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Author: Rebecca Boxall christmas-at-the-vicarage

Christmas at the Vicarage; not so much a Christmas book as it is the story of Rosamunde Pemberton a woman who, despite not living in a fantasy book, is obviously cursed.

Seriously, no one is this unlucky, before we even hit the halfway point her mother is dead, her boyfriend is dead and the pregnancy he left her with has miscarried. It’s tragic, really tragic. By tragic I mean the joke kind, not the actual disastrous kind, Rosamunde just trips from one situation to another I’m half convinced she spends the time we don’t see her running through her house smashing mirrors and flinging salt around. Most books could be entirely about just one of the things that happen to her, but the author doesn’t seem to know how to write any kind of emotional responses, everything is just ‘sad’ then we move on. Seriously it takes her about five pages to recover from a miscarriage. I felt no sadness for what happened to her at any point because I can’t have any empathy with a cardboard cut-out.

This is the book’s biggest failing really, and it’s not exclusive to the “sad” moments either, everything is just stated. I’ll give a small example, early on Rosamunde and her friend are walking to the shops and the book just says ‘they argued about this [something silly, like the parking] the whole way’. This is just one example of many, why are we not privy to these conversations? We’re excluded from seeing how these characters interact, how they might tease each other or be overly sensitive. We’re told one characters supposed to be annoying but I never found him particularly irritating, it’s not enough to just tell a reader they should be annoyed. I genuinely knew nothing personal about anyone, I was always aware I was reading about someone, rather than experiencing their story.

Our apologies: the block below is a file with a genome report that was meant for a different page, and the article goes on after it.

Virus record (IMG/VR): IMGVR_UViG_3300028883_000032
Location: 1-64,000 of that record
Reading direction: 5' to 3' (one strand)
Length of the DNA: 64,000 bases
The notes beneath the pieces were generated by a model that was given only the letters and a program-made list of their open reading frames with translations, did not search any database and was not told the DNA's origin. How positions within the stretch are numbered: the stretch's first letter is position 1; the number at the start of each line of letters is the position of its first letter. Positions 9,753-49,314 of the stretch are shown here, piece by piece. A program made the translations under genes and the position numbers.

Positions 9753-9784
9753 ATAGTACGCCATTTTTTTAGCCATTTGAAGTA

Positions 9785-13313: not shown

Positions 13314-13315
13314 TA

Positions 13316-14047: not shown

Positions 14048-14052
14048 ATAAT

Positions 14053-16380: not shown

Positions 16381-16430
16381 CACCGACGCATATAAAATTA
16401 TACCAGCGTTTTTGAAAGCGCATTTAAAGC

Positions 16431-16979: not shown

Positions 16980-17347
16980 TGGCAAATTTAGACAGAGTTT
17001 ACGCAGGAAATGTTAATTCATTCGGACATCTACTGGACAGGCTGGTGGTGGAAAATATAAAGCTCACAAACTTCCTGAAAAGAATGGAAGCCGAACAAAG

This book also breaks one of the cardinal rules of fiction ‘Is this the most interesting point in the character’s life?’. I don’t think so. Rosamunde spends 15 years of her life travelling the world yet that’s just mentioned it passing in an anecdote about monkeys in Borneo, yet we’re stuck listening to “hilarious” village anecdotes about sheep being dying from poison, children vomiting rotten eggs and her father owning fishing equipment despite not knowing how to fish. Strange sense of humour…

Could I read the story about the monkeys instead, please?

The story’s told in two parts, one part Rosamunde’s present life at 40 and having returned from her travels and the other in the past explaining the tragic series of events that led her to travelling in the first place (we sadly never get the story that intersects these two moments in time). If asked to pick the better story I’d say the past is superior to the present, if only by virtue of actually having a point to the whole thing, and being free of random sheep death. But I still wouldn’t recommend it.

Like all that isn’t enough, Boxall seems to have a really weird view of gay people. One of the “hilarious” stories we’re subjected to is that a lesbian couple is going to play Mary and Joseph, it’s a bit unorthodox, yes, but I don’t get the joke, I just think it’s a nice thing. I was genuinely convinced through most of the book that one main ‘gay’ character was going to be “cured” by the end – I will give the author credit and say she doesn’t go that far, but what does end up happening is only a few shades less insulting. If you still aren’t convinced, I’ll just lift a quote quickly; “Are you sure you’re not gay?… I mean, for a start, you like shopping!”. Is this a joke? I honestly can’t tell. I must say it didn’t read like one. How dated is the idea that men can enjoy shopping without also enjoying bratwurst?

If you’re still determined to read this book, go ahead, I can admit it’s not the worst thing I’ve ever read. But I would certainly not recommend it.